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The rules of tennis can be intimidating for newcomers, especially with the unique scoring system and the many lines on the court. But fear not – we are here to set the record straight.


Let’s start with the most basic element – a point.


Each point begins with a serve, and you can win a point in two main ways: (1) if your shot bounces twice before your opponent can hit it (known as a “winner”), or (2) if your opponent’s shot lands outside of the court boundaries (an error).


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A game is played to four points. If tied at three, you can play with ad scoring (win by two) or no-ad scoring (sudden death).


So far, so good? The next part is where it gets slightly tricky… but once you get the hang of it, you’ll be keeping score like a pro.


In each game, instead of counting 1-2-3-Game, points are scored 15-30-40-Game.


There is no definitive answer as to why points are counted in that way, but one popular theory is that it comes from the hands of a clock (with 45 eventually being shortened to 40 because it is one less syllable). 


A score of 40-40 is called “deuce.” If playing with ad scoring, the player who wins the next point then holds the “advantage” (hence the term ad scoring) and if they win the following point, they win the game. Should the player with the advantage lose that point, the score returns to deuce.


If playing with no-ad scoring (sudden death), then you play one decisive point for the game.


A typical tennis match is played with players competing to win “sets,” with six games required to win one set. Depending on the match, you may play just one set, best of three, or even best of five!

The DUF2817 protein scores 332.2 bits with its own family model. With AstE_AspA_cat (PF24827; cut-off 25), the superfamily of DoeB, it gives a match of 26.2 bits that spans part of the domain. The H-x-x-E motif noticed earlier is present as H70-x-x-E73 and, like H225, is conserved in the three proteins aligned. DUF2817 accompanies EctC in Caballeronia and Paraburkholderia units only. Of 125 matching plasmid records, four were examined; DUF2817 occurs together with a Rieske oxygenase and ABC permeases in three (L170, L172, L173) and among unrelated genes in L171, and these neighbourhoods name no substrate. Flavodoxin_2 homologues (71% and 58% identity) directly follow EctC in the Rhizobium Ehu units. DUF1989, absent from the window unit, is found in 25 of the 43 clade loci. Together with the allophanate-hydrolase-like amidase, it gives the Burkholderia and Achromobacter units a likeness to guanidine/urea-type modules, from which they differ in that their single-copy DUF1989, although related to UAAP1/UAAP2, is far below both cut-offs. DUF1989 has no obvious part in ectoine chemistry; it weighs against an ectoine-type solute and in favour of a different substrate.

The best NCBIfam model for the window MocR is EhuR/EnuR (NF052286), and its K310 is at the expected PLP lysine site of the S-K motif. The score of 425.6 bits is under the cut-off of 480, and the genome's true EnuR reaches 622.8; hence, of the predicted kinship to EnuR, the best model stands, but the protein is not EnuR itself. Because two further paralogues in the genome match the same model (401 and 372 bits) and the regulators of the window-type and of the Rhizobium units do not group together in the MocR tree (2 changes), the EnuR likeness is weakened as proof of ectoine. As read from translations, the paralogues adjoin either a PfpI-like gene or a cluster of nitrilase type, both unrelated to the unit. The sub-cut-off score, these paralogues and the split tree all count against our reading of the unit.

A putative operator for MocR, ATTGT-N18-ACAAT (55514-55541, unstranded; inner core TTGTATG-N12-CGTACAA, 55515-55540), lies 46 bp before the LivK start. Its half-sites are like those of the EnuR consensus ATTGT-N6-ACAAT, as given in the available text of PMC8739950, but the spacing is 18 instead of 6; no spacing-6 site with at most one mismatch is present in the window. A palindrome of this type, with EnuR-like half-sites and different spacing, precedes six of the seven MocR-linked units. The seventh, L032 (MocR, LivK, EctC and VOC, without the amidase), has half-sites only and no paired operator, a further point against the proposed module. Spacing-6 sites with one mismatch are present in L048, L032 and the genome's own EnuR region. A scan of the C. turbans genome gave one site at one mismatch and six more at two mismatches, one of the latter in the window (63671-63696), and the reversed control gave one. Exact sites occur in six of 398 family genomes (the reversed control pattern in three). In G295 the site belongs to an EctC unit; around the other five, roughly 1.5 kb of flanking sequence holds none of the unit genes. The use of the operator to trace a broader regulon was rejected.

Here are some other basic rules to know:


  • Players alternate games serving, with each player serving an entire game until completion, before returning the next game.
  • The server must always stand behind the baseline and serve diagonally into the service box. On each point, the server and has two chances (a first and second serve) to serve into the required box. If they miss both chances, then their opponent wins the point.
  • The server must alternate sides of the court after each point, always starting on the right side.
  • Sets are traditionally played first to six games and you must win by two. If a set is tied at six games all, a tiebreak is played.
  • A set tiebreak is played to seven points, win by two, with players alternating serve after every odd point. (For example, Player A serves the first point, Player B serves the second and third, Player A serves the fourth and fifth, and so on.)


    So now you know the basic rules of tennis. Or at least you’re getting the basic idea. But if you are new to the sport or just looking to rally, don’t worry about remembering everything right away. Just get on the court and have fun!

    To view the official rules and regulations information from the USTA, click here.